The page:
You made it through the interview, congrats! Now the fun part comes…. waiting.
You left the interview feeling confident. There was great conversation, the mood was light, you dressed to impress, but how can you tell if the interview actually went well?
It’s typical after an interview to overanalyze and wonder how you did. And while many times we focus on things we might have done wrong, it’s a good idea to determine things that might have gone right. Even if you did everything right and you’re feeling good about the interview, always follow up with a thank you. While signs can’t tell you if you got the job, there are some indicators of a good interview.
- Running long: Interviews usually have a tight deadline and are slotted between meetings, other interviews, etc. If an interview runs over more than a few minutes, that’s a good sign the interviewer liked what they heard.
- Small talk: Usually you can tell when people click. If there is a good rapport being built with the interviewer or you feel as though you could be friends, there’s a very good chance the interview is going well. It’s also a great way to tell if you would mesh well with the company culture.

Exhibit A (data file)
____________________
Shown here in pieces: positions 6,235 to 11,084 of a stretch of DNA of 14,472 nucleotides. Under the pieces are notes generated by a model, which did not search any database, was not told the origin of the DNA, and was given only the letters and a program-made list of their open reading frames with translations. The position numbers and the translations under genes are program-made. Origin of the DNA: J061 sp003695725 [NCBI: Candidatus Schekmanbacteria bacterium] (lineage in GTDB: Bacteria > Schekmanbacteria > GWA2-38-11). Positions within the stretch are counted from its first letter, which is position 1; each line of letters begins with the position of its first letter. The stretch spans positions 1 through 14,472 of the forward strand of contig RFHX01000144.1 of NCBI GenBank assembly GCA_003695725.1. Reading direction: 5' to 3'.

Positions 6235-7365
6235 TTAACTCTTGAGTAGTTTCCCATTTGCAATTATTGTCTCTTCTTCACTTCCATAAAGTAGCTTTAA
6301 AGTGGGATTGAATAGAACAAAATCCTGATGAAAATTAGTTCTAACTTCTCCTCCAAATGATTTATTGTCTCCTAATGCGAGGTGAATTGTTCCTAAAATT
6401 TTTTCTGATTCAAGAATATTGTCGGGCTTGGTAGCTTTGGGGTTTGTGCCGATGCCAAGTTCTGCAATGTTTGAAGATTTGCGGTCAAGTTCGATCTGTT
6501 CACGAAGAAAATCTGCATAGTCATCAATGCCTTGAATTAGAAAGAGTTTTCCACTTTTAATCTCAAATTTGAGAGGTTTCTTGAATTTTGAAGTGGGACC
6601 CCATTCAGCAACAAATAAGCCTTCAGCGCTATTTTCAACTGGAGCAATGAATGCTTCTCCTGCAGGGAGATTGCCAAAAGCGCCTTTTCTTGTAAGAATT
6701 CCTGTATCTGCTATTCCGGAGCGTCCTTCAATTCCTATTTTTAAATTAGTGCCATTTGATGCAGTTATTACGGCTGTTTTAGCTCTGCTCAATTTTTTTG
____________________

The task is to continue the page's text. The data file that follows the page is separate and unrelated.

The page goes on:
- Nonverbal cues: Take time to observe the interviewer and make mental notes of their nonverbal communication. You can usually tell if they are interacting well with you but nonverbal cues like, nodding, smiling, eye contact, note taking, posture, and others can be a good indicator of how the interview is going.
- Ready for round two? If an interviewer asks you to come back for another interview, this is a clear sign you’ve done a good job. Hiring managers are in the business of getting things done, so inviting you back for a second interview is always a good sign you’re headed in the right direction.
- Meeting the team: If a hiring manager chooses to introduce you to the team on the spot, take this as a very good sign! Even though it can be nerve wracking to meet others when you’re not prepared, it’s an indicator that they see you as a good fit. This also gives the hiring manager and others a chance to see how you interact with the team.
- Future plans: If hiring managers are interested, they are likely to ask about your availability and what type of timeline you have for moving jobs. They might also reference you instead of the “ideal candidate” when discussing projects, opportunities, etc.